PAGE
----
The Asian Spadefoot Frogs (Leptobrachium) are large frogs that inhabit evergreen forests throughout Asia and breed in clear, rocky streams. Although usually brown or grey to match their surroundings on the forest floor, their large eyes are often splashed with bright blue, green, red or white. During expeditions in search of frogs in the region, we often came across red-eyed Asian Spadefoot Frogs. By looking a little closer at their appearance, DNA and calls, we discovered a species that, until now, had been “hidden” from science. The Crescent Moon Spadefoot Frog (Leptobrachium lunatum) is only known from the forests of northeastern Cambodia and Central Vietnam, an area under threat from deforestation. Our discovery of this regal red-eyed frog highlights just how important these forests are.
In order to understand the true diversity of amphibians in the forests of Southeast Asia, we've been conducting collaborative expeditions in Cambodia, Laos and Vietnam, in search of frogs. For many years, we have been venturing into the forests, typically in the monsoon season, when most other biologists leave. We hike up into mountain streams and camp in hammocks or tents, searching for frogs by torchlight. In the face of deforestation, it's a race against time to discover what frogs call these forests home, so that they can be scientifically described, named, and taken into account in conservation decisions.
During our expeditions, we often encountered Asian Spadefoot Frogs (Leptobrachium). These rather large frogs are usually heard before they are seen; a deep “whooooop” or “whup whup” call echoing through the forests on wet nights. Their tadpoles, large and long-lived, can also often be seen resting on the bottom of the clear streams running through the forest. However, seeing an adult Asian Spadefoot Toad can be tricky - they are often buried in the ground or under leaves, and when they are on the surface, they are usually extremely well camouflaged except for one thing... their eyes!
Different species of Asian Spadefoot Frogs often sport a different coloured upper-iris, and that's one way you can tell species apart. However, some species share an eye colour.
Until recently, two species of “red-eyed” Asian Spadefoot Frogs were known from Cambodia and Vietnam; Leptobrachium pullum, scientifically discovered almost 100 years ago, and Leptobrachium mouhoti, scientifically discovered less than a decade ago. However, there’s been much confusion about exactly where each species was distributed, and just which of the two red-eyed frogs occurred on the Kon Tum Plateau of central Vietnam and adjacent northeastern Cambodia.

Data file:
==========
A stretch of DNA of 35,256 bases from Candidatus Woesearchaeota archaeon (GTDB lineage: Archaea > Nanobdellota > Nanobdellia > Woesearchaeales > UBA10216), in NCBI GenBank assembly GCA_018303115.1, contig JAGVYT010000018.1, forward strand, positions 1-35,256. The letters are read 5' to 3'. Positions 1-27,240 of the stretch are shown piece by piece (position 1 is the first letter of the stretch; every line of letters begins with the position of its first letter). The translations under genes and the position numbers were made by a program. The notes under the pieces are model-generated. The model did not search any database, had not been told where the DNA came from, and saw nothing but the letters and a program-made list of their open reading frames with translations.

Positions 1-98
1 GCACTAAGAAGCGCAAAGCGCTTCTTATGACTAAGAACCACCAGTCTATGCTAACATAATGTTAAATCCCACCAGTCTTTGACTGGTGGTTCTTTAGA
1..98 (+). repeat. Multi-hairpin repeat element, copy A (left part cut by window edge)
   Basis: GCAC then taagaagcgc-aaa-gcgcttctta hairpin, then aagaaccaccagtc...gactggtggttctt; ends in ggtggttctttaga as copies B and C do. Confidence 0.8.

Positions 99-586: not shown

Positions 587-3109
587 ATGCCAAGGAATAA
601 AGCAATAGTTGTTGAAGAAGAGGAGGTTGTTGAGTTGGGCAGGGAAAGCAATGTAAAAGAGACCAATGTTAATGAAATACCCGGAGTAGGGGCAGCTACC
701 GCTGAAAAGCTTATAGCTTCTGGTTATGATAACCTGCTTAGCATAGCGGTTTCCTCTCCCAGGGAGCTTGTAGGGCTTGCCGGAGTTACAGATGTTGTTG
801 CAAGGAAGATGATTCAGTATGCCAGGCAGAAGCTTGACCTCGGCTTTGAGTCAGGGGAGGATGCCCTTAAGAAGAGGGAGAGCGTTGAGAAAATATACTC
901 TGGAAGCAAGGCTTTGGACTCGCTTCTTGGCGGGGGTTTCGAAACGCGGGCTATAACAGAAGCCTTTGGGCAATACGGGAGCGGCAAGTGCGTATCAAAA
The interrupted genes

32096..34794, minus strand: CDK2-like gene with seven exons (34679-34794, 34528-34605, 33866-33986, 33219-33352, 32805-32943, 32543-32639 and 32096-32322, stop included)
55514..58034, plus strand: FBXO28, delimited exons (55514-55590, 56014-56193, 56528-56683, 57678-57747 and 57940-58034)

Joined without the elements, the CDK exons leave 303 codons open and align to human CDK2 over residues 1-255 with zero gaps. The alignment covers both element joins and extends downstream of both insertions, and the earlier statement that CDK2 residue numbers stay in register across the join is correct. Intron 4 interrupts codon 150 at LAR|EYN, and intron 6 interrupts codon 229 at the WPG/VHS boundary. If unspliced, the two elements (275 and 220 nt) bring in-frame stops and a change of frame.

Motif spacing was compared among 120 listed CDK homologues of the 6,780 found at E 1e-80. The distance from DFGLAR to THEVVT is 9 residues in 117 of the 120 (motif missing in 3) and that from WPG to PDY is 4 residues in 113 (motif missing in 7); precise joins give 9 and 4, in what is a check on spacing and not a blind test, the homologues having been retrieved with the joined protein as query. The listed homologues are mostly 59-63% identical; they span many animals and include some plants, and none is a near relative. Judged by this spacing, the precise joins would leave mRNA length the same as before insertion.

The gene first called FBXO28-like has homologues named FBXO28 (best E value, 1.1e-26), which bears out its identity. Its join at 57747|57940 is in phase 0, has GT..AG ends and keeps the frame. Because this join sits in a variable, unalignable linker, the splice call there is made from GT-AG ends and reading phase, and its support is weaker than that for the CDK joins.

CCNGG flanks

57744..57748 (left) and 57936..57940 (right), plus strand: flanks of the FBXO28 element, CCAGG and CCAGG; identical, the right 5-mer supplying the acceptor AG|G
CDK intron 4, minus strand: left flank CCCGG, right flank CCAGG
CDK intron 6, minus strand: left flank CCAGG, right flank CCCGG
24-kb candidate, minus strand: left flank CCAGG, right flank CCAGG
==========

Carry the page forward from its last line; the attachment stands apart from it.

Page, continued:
We decided to solve the mystery surrounding these regal red-eyed frogs. We took a close look at the appearance of the red-eyed frogs and their tadpoles, their advertisement calls and their DNA. We realized that the red-eyed frogs from the central Vietnam and adjacent northeastern Cambodia were actually neither known species, but were actually a third species previously unknown to science! We named the species Leptobrachium lunatum after the crescent of red in its eye, as lunatus means “shaped like a crescent moon” in latin.
Like other Asian Spadefoot Frogs, the new species lives in forests and is likely to be under threat from ongoing deforestation in the region. Now that we have formally described the species and better understand the true distribution of each of the red-eyed Asian Spadefoot Frogs from the region, we can more accurately prioritise their conservation, a vital first step to ensuring that these amazing frogs are heard calling throughout the region for generations to come.
Dr Jodi Rowley, Australian Museum Research Institute & UNSW Sydney.
Dr Bryan Stuart, North Carolina Museum of Natural Sciences, USA.
- Stuart, B.L., Som, H.E., Neang, T., Hoang, H.D., Le, D.T.T., Dau, V.Q., Potter, K., & Rowley, J.J.L. (2020). Integrative Taxonomic Analysis Reveals a New Species of Leptobrachium (Anura: Megophryidae) from Northeastern Cambodia and Central Vietnam. Journal of Natural History. DOI: 10.1080/00222933.2020.1756498